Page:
Adam and Eve: The Original Sin
The Original Sin
From The Murals of the Church of Vera Cruz de Maderuelo
203 cm x 207 cm
Museo Nacional del Prado, Madrid
Paolo Uccello 1397 - 1475
The Creation of Eve and The Original Sin
244 x 478 cm
Green Cloister, Santa Maria Novella, Florence
Michelangelo Buonarroti (1475–1564)
Original Sin and the Banishment from the Garden of Eden (Genesis 3:1-13; 3, 22-24)
The Sistine Chapel, Vatican City
Rembrandt Harmenszoon van Rijn 1606-1669
Adam and Eve, 1638
Etching on ivory laid paper
162 x 116 mm (plate)
The Art Institute, Chicago
Hendrick Frans Verbruggen (Henricus-Franciscus Verbrugghen), 1654 - 1724
The Expulsion of Adam and Eve from Paradise (detail of the pulpit)
Cathedral of Ste Gudule, Brussels
Print made by James Barry 1741 - 1806
The Discovery of Adam and Eve
570 millimetres (trimmed) x 418 millimetres
The British Museum, London
The Original Sin with the Fall of Adam and Eve and their Expulsion from the Garden of Eden (Genesis 3) has long been one of the most important images in Christian art
Central to the tale of the Fall is Adam`s sin: the Original Sin
It was not a question of eating a piece of fruit from a solitary tree in a garden when told not to
The Catechism explains what this First Sin was and its consequences:
"Man's first sin
397 Man, tempted by the devil, let his trust in his Creator die in his heart and, abusing his freedom, disobeyed God's command. This is what man's first sin consisted of. All subsequent sin would be disobedience toward God and lack of trust in his goodness.
398 In that sin man preferred himself to God and by that very act scorned him. He chose himself over and against God, against the requirements of his creaturely status and therefore against his own good. Constituted in a state of holiness, man was destined to be fully "divinised" by God in glory.
Seduced by the devil, he wanted to "be like God", but "without God, before God, and not in accordance with God"."
But Original sin may be taken to mean pne of two things:
(1) the sin that Adam committed; or(2) a consequence of this first sin, the hereditary stain with which we are born on account of our origin or descent from Adam
Catholics are often said to be bedevilled and dominated by the Dogma of Original Sin. It is said to inspire excessive feelings of guilt, the so called "Catholic guilt" - an invention of that alleged old curmudgeon St Augustine,
However the early Reformers held to the Doctrine and if anything in a way to a much more stringent doctrine than that ever put forward by the Roman Catholic Church or the Greek Orthodox Church
Unlike the Reformers, the Catholic Church has never accepted that in baptism the whole of what belongs to the essence of sin is not taken away, but is only cancelled or not imputed, and declared the concupiscence that remains after baptism not truly and properly "sin" in the baptized, but only to be called sin in the sense that it is of sin and inclines to sin.
Unlike the reformers, the Church condemns the identification of original sin with concupiscence (as in its technical theological sense), and approves the view that the unbaptised could have right use of will
In the 1930s, the Doctrine was "the butt of cheap derision" by the secular Dictatorships such as the Nazi Party in Germany. Pope Pius XI referred to this in Mit Brennender Sorge (March 14, 1937)
"25. "Original sin" is the hereditary but impersonal fault of Adam's descendants, who have sinned in him (Rom. v. 12). It is the loss of grace, and therefore of eternal life, together with a propensity to evil, which everybody must, with the assistance of grace, penance, resistance and moral effort, repress and conquer. The passion and death of the Son of God has redeemed the world from the hereditary curse of sin and death.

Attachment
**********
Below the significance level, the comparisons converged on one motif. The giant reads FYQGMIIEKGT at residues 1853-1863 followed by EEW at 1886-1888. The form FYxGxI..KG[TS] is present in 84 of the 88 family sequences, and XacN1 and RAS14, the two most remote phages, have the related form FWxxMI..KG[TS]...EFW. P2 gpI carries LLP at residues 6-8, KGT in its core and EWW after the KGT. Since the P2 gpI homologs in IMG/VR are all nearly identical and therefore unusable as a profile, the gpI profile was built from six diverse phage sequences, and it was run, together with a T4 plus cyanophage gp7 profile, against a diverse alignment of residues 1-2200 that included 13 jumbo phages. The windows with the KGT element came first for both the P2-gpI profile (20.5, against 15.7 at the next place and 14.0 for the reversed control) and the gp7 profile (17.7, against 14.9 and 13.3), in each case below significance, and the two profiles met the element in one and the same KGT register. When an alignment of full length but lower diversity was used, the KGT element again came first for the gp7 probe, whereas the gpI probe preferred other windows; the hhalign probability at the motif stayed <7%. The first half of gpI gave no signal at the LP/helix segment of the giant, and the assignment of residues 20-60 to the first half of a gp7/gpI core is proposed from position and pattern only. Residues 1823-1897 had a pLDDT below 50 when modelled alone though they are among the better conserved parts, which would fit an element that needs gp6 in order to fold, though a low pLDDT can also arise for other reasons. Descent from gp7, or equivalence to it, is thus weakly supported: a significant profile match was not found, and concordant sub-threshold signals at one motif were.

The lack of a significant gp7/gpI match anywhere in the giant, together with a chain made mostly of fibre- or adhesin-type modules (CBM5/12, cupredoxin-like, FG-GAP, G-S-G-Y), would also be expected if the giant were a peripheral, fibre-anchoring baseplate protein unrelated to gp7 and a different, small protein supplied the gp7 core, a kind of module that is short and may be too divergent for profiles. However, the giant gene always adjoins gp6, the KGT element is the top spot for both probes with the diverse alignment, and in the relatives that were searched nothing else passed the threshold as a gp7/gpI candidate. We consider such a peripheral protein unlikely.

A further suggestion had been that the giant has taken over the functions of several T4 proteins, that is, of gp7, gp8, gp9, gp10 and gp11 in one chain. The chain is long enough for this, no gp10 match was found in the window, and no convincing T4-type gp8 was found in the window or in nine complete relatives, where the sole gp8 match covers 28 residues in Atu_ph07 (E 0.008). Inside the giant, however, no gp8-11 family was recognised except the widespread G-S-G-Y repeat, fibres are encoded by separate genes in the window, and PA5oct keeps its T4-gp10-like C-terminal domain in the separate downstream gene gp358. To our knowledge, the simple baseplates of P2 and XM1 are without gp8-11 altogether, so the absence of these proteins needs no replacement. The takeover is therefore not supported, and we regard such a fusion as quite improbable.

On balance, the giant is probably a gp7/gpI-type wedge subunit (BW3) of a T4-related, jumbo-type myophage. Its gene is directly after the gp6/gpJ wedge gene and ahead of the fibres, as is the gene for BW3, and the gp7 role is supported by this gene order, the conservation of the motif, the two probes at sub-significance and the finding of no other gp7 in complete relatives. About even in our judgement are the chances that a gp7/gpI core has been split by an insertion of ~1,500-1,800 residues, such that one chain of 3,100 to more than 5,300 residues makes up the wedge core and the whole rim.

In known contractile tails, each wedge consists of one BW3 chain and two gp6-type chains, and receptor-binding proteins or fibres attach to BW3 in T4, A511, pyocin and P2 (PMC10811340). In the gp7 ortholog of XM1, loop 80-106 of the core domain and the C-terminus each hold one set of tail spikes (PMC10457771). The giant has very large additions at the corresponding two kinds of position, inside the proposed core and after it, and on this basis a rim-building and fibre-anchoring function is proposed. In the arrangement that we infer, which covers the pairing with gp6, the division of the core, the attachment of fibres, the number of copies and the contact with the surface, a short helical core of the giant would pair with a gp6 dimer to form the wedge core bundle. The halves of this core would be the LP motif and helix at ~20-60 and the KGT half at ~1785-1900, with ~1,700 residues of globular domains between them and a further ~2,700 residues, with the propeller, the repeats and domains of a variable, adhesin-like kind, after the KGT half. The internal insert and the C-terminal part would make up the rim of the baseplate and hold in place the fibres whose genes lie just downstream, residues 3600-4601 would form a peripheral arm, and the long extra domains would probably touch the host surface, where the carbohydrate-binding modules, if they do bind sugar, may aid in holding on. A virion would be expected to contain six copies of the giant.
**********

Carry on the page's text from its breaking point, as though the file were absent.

Faith in these truths, which in your country are today the butt of the cheap derision of Christ's enemies, belongs to the inalienable treasury of Christian revelation.
The doctrine lies at the very heart of the traditional Catholic view of Catholic education. In 1929 Pope Pius XI delivered an Encyclical on Christian Education (Divini Illius Magistri) which stressed the centrality of the Doctrine in the theory of Catholic education
"58. In fact it must never be forgotten that the subject of Christian education is man whole and entire, soul united to body in unity of nature, with all his faculties natural and supernatural, such as right reason and revelation show him to be; man, therefore, fallen from his original estate, but redeemed by Christ and restored to the supernatural condition of adopted son of God, though without the preternatural privileges of bodily immortality or perfect control of appetite. There remain therefore, in human nature the effects of original sin, the chief of which are weakness of will and disorderly inclinations. ...60. Hence every form of pedagogic naturalism which in any way excludes or weakens supernatural Christian formation in the teaching of youth, is false. Every method of education founded, wholly or in part, on the denial or forgetfulness of original sin and of grace, and relying on the sole powers of human nature, is unsound. Such, generally speaking, are those modern systems bearing various names which appeal to a pretended self-government and unrestrained freedom on the part of the child, and which diminish or even suppress the teacher's authority and action, attributing to the child an exclusive primacy of initiative, and an activity independent of any higher law, natural or divine, in the work of his education."
The Doctrine is still relevant in today`s debates between Religion and Science especially in the field of genetics
Edward Feser has discussed the latest actions on the Doctrine from certain sections of the scientific community who do not appear to know what the Doctrine is.
Modern biology and original sin, Part I
Modern biology and original sin, Part II